Santiago received $6,000 from the Federal Emergency Management Agency to repair his family’s house and salon, which FEMA determined was part of his home. FEMA denied Santiago’s mother’s request for assistance because it concluded Maria did not damage the first floor of the house that it determined is her home, even though water caused extensive damage to the concrete ceiling after portions of the second floor’s roof blew away.

Exposed rebar in the living room ceiling remains clearly visible.

Santiago and his mother used the money he received from FEMA to remove what was left of the house’s second floor and seal the floor to prevent water from seeping through the ceiling. They have also painted the walls and repaired the gutters in order to reduce the risk of flooding.

“It’s going well,” Santiago told the Blade on Friday. “We have power and the water is going well.”

Santiago has turned a covered patio along the side of his family’s house into his salon. Santiago is converting the building in which his salon was located before Maria into his new home.

Waves Ahead, San Juan mayor to open LGBT elders center

Waves Ahead earlier this month launched ReconstruyeQ, a campaign that is helping Santiago’s family and nine other families in the U.S. commonwealth repair their homes and replace furniture and other items they lost during the storm. Waves Ahead is also working with San Juan Mayor Carmen Yulín Cruz and her administration to open a community center for LGBT elders.

Wilfred Labiosa and Grissel Bonilla, who co-founded Waves Ahead, met with Cruz on May 23. Human Rights Campaign Foundation Director of Faith Outreach and Training Lisbeth Meléndez Rivera, who grew up in the city of Caguas that is located outside of San Juan, is among those who also attended the meeting.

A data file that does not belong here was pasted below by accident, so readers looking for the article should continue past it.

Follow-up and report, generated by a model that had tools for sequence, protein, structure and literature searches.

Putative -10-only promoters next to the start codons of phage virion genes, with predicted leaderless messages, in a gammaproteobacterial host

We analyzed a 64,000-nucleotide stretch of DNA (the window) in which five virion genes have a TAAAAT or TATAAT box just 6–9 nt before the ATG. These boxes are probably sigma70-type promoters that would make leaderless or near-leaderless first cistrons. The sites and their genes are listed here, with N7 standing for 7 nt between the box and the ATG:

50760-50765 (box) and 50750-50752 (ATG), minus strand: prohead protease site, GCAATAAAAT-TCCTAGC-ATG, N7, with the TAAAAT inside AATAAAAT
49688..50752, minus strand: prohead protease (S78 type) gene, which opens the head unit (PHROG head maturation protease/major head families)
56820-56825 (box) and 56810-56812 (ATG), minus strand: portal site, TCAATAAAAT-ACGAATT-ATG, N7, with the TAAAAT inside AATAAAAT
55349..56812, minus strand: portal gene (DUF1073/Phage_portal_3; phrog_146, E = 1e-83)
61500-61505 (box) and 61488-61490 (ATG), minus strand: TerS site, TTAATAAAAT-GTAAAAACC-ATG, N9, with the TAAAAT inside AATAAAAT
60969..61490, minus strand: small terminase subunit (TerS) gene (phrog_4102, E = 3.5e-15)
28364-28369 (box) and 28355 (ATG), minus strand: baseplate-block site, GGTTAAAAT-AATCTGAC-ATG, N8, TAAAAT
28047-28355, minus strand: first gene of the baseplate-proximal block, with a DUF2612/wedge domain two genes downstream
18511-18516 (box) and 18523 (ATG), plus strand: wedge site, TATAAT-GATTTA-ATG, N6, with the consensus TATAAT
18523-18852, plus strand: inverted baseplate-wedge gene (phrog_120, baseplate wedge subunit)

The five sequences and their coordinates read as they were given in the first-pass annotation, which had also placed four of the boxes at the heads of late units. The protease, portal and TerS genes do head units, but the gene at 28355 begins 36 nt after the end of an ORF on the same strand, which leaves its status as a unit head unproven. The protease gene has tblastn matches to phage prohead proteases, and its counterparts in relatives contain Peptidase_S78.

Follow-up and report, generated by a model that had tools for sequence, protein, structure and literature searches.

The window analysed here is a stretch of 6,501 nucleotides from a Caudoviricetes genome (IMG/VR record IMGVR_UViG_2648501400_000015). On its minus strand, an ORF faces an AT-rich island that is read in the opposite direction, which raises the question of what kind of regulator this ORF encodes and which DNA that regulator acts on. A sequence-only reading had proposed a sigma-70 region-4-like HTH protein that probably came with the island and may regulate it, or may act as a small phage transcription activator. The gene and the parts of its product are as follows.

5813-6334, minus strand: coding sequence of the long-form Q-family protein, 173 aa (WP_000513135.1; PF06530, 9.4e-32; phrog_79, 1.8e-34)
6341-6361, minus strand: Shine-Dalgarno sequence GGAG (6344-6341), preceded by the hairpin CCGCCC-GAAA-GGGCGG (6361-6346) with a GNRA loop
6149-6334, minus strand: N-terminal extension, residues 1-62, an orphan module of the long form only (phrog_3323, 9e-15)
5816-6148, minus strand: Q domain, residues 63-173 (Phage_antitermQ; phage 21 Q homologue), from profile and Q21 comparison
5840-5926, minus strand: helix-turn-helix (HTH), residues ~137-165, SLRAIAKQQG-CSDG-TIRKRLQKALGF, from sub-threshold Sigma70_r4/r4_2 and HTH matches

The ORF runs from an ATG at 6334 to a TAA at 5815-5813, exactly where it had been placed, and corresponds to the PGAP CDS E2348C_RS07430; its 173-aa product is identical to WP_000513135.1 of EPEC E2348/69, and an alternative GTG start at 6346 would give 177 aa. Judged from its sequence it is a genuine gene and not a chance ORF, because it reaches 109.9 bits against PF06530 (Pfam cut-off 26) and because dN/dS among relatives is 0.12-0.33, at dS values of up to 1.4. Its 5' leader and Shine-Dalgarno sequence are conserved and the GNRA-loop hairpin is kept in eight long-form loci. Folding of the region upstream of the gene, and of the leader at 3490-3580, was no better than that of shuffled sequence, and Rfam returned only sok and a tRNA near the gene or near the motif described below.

“An agreement to collaborate with the Autonomous Municipality of San Juan to secure a restored location in the city that will serve as a base for the first community center for Puerto Rico’s older LGBT community was discussed,” said Cruz in a press release, according to Primera Hora, a Puerto Rican newspaper.

Ricky Santiago and Rev. Julie Johnson Staples, executive director of Intersections International, a New York-based LGBT-affirming ministry, stand inside what was once Santiago’s hair salon in Humacao, Puerto Rico, on Feb. 1, 2018. (Washington Blade photo by Michael K. Lavers)

Waves Ahead posted to its Twitter account pictures of the meeting with Cruz.

Help from Waves Ahead, volunteers ‘tremendous’

Construction crews earlier this month installed a new roof on Santiago’s new home.

Santiago over the Memorial Day weekend helped volunteers from the Human Rights Campaign and other groups paint the walls. Waves Ahead and its volunteers also bought Santiago a new bed, a dining room table and chairs, a medicine cabinet and shelves.

Waves Ahead volunteers with Ricky Santiago, first row, fourth from left, in Humacao, Puerto Rico, on May 25, 2018. Waves Ahead is helping Santiago and his family repair their home that Hurricane Maria damaged. (Washington Blade photo by Michael K. Lavers)

Santiago told the Blade he hopes to be able to move into his new home in the coming days.

He said Waves Ahead and the volunteers who have helped him and his family have been “tremendous.” Santiago became emotional as he talked with the Blade about the assistance that he and his family have received.